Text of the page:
Baptists and the American Civil War: May 11, 1865

equal_suffrage_norfolk_1865Despite the earlier surrender of the Confederacy’s major armies and yesterday’s capture of former Confederate President Jefferson Davis, many soldiers and chaplains yet remain in the field.

Today William H. Whitsitt, future professor and president of the Southern Baptist Theological Seminary, is relieved of his position as Confederate chaplain in the 4th Tennessee Cavalry. Whitsitt originally listed in the unit as a private and was later appointed as chaplain.

Following six years of study following the war, Whitsitt is appointed as a professor at Southern Seminary in 1872, ascending to the presidency in 1895. His years as president are controversial due to Whitsitt’s insistence upon Baptist origins in the early 17th century, rather than from the days of the biblical John Baptist. The latter belief, although lacking historical evidence, is yet held by some prominent Southern Baptists of the day. By opting for the evidence-based 17th century dating, Whitsitt set himself on a course that led to his resignation in 1899 in order to relieve pressure on the seminary. Whitsitt moves on, taking a professorship at Richmond College in 1901.

Also surrendering this day is the 15th Missouri, of which Captain Jefferson Richardson Pratt (1804-1888) is a member. Pratt is a Baptist minister, having served as pastor of several Missouri churches prior to enrolling in the Confederate Army. His parole takes place on June 5 at Jacksonport, Arkansas. Afterwards, Pratt remains in Arkansas, settling in the Warm Springs area.

In Norfolk, Virginia, meanwhile a “mass meeting” is held at the Bute Street Baptist Church (colored). At this gathering local freedmen pass a number of resolutions concerning emancipation and their rights of equality.

One resolution insists upon “equality before the law, and equal rights of suffrage at the ‘ballot box.'” Signatories also resolve that the government should not make any legal distinctions among citizens due to color, and “that the removal of such distinctions and disabilities are like demanded by sound political economy, by patriotism, humanity and religion.” In a swipe at white southerners, those present pledge to “prove ourselves worthy of the elective franchise …. by never abusing it by voting the State out of the Union, and never using it for purposes of rebellion, treason or oppression.” They also resolve to “not patronize or hold business relations with those who would deny to us our equal rights.” In order to work toward enacting their political rights, signatories form an organization called the “Democratic Republican Association” in order to “inaugurate a series of public meetings and publications, and memorialize the President and Congress, and invoke the aid of the friends of freedom throughout the State and Nation.”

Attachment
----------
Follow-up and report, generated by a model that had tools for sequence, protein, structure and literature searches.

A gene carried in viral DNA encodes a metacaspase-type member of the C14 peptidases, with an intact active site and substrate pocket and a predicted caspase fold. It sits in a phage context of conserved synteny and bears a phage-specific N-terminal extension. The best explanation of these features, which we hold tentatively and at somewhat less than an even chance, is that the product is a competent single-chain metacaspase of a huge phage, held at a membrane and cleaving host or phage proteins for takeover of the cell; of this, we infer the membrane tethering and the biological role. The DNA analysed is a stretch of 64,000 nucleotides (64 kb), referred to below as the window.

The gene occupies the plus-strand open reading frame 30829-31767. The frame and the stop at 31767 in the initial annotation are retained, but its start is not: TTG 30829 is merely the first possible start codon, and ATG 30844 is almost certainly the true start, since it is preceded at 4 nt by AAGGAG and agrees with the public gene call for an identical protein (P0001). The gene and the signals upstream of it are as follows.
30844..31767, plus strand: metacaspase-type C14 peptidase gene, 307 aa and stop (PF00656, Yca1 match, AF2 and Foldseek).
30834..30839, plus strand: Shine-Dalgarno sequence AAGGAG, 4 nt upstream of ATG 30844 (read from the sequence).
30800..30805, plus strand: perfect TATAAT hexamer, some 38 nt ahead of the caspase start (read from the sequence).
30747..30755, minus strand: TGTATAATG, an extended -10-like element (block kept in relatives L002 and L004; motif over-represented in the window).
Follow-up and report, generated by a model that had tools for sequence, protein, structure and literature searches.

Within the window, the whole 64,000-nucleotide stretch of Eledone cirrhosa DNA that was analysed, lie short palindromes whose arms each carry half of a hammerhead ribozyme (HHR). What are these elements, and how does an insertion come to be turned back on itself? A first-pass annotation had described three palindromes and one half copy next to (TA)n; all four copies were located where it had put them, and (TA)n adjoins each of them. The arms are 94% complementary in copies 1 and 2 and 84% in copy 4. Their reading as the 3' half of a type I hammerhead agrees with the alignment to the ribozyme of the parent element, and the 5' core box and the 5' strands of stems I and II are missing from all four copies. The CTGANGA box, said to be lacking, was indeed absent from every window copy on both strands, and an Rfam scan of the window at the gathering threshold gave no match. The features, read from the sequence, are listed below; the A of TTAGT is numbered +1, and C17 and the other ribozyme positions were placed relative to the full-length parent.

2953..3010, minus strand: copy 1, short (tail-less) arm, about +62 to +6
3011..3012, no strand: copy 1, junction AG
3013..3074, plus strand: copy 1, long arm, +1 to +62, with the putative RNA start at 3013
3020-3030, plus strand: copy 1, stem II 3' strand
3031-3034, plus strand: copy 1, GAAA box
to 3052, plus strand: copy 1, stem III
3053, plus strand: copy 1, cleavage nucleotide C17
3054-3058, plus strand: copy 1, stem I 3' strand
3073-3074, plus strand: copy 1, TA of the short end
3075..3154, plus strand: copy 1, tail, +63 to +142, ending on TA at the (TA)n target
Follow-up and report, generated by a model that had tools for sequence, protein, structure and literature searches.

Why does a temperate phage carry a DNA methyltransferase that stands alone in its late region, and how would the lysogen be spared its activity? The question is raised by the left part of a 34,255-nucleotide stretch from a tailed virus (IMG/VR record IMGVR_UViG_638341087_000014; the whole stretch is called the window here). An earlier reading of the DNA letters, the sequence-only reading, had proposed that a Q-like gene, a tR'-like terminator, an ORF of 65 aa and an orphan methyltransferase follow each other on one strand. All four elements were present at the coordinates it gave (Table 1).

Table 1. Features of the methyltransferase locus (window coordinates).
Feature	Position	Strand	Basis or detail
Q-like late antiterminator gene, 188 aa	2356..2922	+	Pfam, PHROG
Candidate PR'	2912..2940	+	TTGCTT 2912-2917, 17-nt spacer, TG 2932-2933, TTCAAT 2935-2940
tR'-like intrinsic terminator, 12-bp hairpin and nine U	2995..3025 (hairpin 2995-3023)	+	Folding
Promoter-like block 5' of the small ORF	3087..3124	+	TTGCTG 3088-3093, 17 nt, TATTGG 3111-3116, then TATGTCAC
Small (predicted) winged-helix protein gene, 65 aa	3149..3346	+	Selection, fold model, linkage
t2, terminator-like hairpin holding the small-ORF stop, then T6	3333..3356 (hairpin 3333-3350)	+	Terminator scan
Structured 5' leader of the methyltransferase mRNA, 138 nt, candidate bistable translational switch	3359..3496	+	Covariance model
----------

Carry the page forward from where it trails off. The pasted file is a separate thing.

Today’s meeting of black citizens of Norfolk illustrates the energy throughout the South among freedmen now that the war is over and the Confederacy defeated. In the months to come Norfolk’s black citizens continue working to ensure that their rights are legally and practically observed. Victories are achieved in the passage of the 13th, 14th and 15th amendments that formally abolish slavery, provide equal protection under the law, and grant voting rights to black men.

Yet despite today’s energy and the passage of the three amendments in the years following, the momentum does not last but instead is overcome by growing racial violence on the part of white supremacists of the South abetted by civil structures, as well as inertia in the nation’s capital.

Sources: Lyon Gardiner Tyler, editor, Men of Mark in Virginia, Washington, D.C.: Men of Mark Publishing, 1909, Volume 5, p. 453 (link); Jesse Richardson Pratt, 1804-1888 (link); “Equal Suffrage: Address From the Colored Persons of Norfolk, Va., to the People of the United States,” 1865 (link)